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Last Updated: Mon Jan 27 11:18:09 UTC 2014

 Boeing GBU-39/B Small Diameter Bomb I
  Raytheon GBU-53/B Small Diameter Bomb II

Technical Report APA-TR-2007-0106

by Dr Carlo Kopp, AFAIAA, SMIEEE, PEng
January, 2007
Updated January, June 2011
Updated April 2012
Text © 2007 - 2012 Carlo Kopp

F-22A Raptor performs first drop of GBU-39/B SDB I. An F-22 Raptor drops an SDB I from its weapons bay during a test mission Sept. 5 [2007]. The test marks the first airborne separation of a small diameter bomb from the internal weapons bay of an F-22. Testing of the SDB I with the F-22 is part of the Increment 3.1 upgrade to the aircraft. Major Jack Fischer, 411th Flight Test Squadron test pilot noted that  "Targets we can't get with most weapons, we can get with the F-22 because we have stealth, with this weapon and aircraft, there is no place we can't reach and no place for an enemy to hide." (Photo by Darin Russell, Text by 95th Air Base Wing Public Affairs, US Air Force)

GBU-39/B SDB I and GBU-53/B SDB II Background

The SDB I was conceived during the 1990s  to provide an internally carried  weapon which would allow the F-22A Raptor, and later JSF, to attack multiple targets. The design is sized so that the F-22 can carry eight rounds in its main weapon bays.

The SDB I was operationally deployed in 2005, and first dropped in combat during a close air support sortie in Iraq, on October 5th, 2006.

Development of the SDB followed the Miniature Munitions Demonstration Technology (MMTD) program during the 1990s.

The US Air Force intends to procure 24,000 or more rounds for carriage on new and legacy combat aircraft; of these half will be baseline weapons equipped for attacking fixed targets, and the remainder a variant equipped to attack moving targets.

Above Boeing GBU-39/B Small Diameter Bomb I; below weapon in flight  (USAF Photo).

Design aims for the SDB I included a capability to penetrate hardened targets and provide better accuracy than the JDAM. The MMTD effort included a focus on key technologies including the Hard Target Smart Fuze, High Energy Explosives, Penetrator Design, Optimal Guidance, Robust Autopilot, Differential GPS/INS, and an Advanced Seeker. The Optimal Guidance is a unique feature, it is designed to align the bomb body exactly with the weapon's velocity vector at the point of impact, as this maximises  penetration of the target - all of the bomb's kinetic energy is used to drive the weapon in - older guidance systems did not achieve this and velocity components tangential to the impact would at best waste energy, at worst contribute to premature casing rupture.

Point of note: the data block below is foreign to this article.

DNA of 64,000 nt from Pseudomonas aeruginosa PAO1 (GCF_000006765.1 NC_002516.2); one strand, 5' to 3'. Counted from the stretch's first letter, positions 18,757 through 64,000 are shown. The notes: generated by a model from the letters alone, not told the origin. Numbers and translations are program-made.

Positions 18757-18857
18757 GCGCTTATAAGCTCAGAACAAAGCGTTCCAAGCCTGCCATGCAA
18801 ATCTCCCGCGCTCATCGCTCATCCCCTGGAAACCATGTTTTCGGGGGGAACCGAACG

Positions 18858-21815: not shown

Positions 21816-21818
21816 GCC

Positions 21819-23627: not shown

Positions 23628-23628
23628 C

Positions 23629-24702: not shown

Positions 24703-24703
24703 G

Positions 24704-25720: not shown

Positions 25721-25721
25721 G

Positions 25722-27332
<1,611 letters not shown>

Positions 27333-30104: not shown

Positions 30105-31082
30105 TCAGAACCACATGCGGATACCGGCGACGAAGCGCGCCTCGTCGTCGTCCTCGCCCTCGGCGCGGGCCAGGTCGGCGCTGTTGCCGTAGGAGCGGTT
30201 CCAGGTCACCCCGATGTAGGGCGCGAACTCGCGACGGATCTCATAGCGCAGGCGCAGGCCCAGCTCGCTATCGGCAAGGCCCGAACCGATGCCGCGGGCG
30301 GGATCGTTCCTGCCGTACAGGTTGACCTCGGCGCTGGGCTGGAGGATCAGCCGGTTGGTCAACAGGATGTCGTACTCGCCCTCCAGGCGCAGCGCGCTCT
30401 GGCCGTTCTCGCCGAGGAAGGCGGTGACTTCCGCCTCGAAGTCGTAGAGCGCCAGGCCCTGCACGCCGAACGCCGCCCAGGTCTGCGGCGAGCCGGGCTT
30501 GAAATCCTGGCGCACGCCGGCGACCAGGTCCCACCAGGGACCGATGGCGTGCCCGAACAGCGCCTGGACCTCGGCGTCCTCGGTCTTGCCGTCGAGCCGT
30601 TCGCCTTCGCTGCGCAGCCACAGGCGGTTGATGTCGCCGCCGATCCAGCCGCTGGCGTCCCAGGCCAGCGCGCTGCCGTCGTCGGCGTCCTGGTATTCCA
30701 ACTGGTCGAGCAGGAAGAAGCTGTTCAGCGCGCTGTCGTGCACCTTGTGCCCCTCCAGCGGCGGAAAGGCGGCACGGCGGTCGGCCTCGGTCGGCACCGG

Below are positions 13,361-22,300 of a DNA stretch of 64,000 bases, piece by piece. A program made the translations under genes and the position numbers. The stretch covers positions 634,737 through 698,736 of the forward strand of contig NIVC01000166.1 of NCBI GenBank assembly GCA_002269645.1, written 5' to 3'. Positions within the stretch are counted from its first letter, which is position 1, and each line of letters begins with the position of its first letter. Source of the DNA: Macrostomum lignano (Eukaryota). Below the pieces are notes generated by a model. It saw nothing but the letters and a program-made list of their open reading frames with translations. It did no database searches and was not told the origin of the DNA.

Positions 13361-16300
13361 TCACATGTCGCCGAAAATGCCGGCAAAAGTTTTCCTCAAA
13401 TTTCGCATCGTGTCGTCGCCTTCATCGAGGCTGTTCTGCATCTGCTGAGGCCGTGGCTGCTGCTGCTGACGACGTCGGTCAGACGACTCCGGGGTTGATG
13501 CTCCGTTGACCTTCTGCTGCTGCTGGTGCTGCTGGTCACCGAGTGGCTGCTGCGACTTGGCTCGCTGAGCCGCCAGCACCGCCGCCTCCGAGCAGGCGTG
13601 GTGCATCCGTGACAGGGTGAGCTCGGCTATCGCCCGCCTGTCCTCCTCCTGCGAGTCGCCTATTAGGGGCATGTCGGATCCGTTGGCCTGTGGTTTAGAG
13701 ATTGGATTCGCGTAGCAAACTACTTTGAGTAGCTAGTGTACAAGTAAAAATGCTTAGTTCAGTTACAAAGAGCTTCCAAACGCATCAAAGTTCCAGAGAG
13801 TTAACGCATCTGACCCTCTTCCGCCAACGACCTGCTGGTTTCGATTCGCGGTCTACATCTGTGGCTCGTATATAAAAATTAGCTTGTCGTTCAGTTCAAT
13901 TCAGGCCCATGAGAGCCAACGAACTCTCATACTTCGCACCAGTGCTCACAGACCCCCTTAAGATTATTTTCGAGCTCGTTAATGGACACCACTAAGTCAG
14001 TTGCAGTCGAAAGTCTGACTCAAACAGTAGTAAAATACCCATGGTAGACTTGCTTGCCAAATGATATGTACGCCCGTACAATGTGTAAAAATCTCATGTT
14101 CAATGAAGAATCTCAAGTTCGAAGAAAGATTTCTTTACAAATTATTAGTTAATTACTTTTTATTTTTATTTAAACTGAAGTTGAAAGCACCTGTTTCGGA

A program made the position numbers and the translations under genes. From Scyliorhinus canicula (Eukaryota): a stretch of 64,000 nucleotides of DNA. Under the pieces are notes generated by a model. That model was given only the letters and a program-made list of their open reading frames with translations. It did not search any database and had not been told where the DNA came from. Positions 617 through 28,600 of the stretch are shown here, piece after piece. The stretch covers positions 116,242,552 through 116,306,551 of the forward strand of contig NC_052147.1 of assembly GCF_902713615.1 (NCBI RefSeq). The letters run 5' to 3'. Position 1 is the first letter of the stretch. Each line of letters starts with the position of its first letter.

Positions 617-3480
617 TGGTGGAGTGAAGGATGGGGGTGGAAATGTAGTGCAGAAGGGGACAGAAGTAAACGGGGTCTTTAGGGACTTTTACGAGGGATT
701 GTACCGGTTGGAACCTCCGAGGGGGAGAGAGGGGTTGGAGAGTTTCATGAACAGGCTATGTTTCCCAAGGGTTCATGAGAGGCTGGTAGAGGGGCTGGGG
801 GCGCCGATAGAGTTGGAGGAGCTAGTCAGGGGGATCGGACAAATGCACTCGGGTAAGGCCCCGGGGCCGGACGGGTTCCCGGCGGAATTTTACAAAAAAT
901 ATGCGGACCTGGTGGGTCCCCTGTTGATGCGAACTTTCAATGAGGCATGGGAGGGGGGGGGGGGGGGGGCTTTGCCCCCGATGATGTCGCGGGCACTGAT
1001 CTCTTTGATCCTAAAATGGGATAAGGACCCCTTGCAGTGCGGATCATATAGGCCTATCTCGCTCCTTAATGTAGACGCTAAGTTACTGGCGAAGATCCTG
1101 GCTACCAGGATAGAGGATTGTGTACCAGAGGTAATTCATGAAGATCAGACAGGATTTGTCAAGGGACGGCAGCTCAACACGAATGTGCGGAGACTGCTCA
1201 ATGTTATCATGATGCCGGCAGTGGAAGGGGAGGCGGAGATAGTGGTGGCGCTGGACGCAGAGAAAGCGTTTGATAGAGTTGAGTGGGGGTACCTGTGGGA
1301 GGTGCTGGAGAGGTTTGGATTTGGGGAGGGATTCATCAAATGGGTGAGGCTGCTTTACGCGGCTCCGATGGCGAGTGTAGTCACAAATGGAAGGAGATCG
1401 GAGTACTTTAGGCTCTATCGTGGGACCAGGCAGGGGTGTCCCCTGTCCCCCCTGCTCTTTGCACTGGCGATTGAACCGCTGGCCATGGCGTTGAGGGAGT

The production SDB I is equipped with Rockwell Collins GPS receiver,  with a Harris anti-jam module, and a Honeywell inertial unit, a KDI Precision Products reprogrammable electronic fuse (airburst, contact and delay modes), HR Textron tailfin actuators, MBDA diamondback foldout wings, with a TAM Garland 50 lb forged casing warhead. A Mil-Std-1760 interface is used. The launcher is a Sargent Fletcher pneumatic ejector system in the Boeing BRU-61/A bomb rack.

SRI are providing differential GPS ground stations, required to enhance SDB accuracy over JDAM and other conventional munitions.

The glide wings provide a quoted delivery range of around 60 nautical miles for a high altitude release. The weapon performs a 180 degree roll post launch as the stowed configuration has the folded wings beneath the weapon.

The cited blast radius is 26 ft (cf 82 ft with 2,000-lb JDAM). Boeing claim the ability to penetrate more than 5 ft of steel reinforced concrete making the SDB I competitive against the BLU-109/B for many targets.

The SDB I will be most effective in the urban and broader close air support, battlefield interdiction, Destruction of Enemy Air Defences (DEAD) lethal suppression and counter-air strike airfield attack roles. Against soft skinned vehicles and structures, armour, point emplacements, runways, aircraft shelters and SAM/SPAAG systems this weapon will be highly lethal.

Where the SDB I will be less than effective is against deep / hardened bunkers, large infrastructure targets, large buildings, industrial plant, bridges, large trench systems, vehicle parks, infantry on the move and other area or large point targets. These remain the domain of larger specialised bunker busting weapons, or large explosive bombs such as the Mk.83/BLU-110 (1,000 lb), Mk.84/BLU-117/BLU-119 (2,000 lb),  BLU-109/116/118 (2,000 lb), BLU-113/122 (5,000 lb).

Raytheon GBU-53/B Small Diameter Bomb II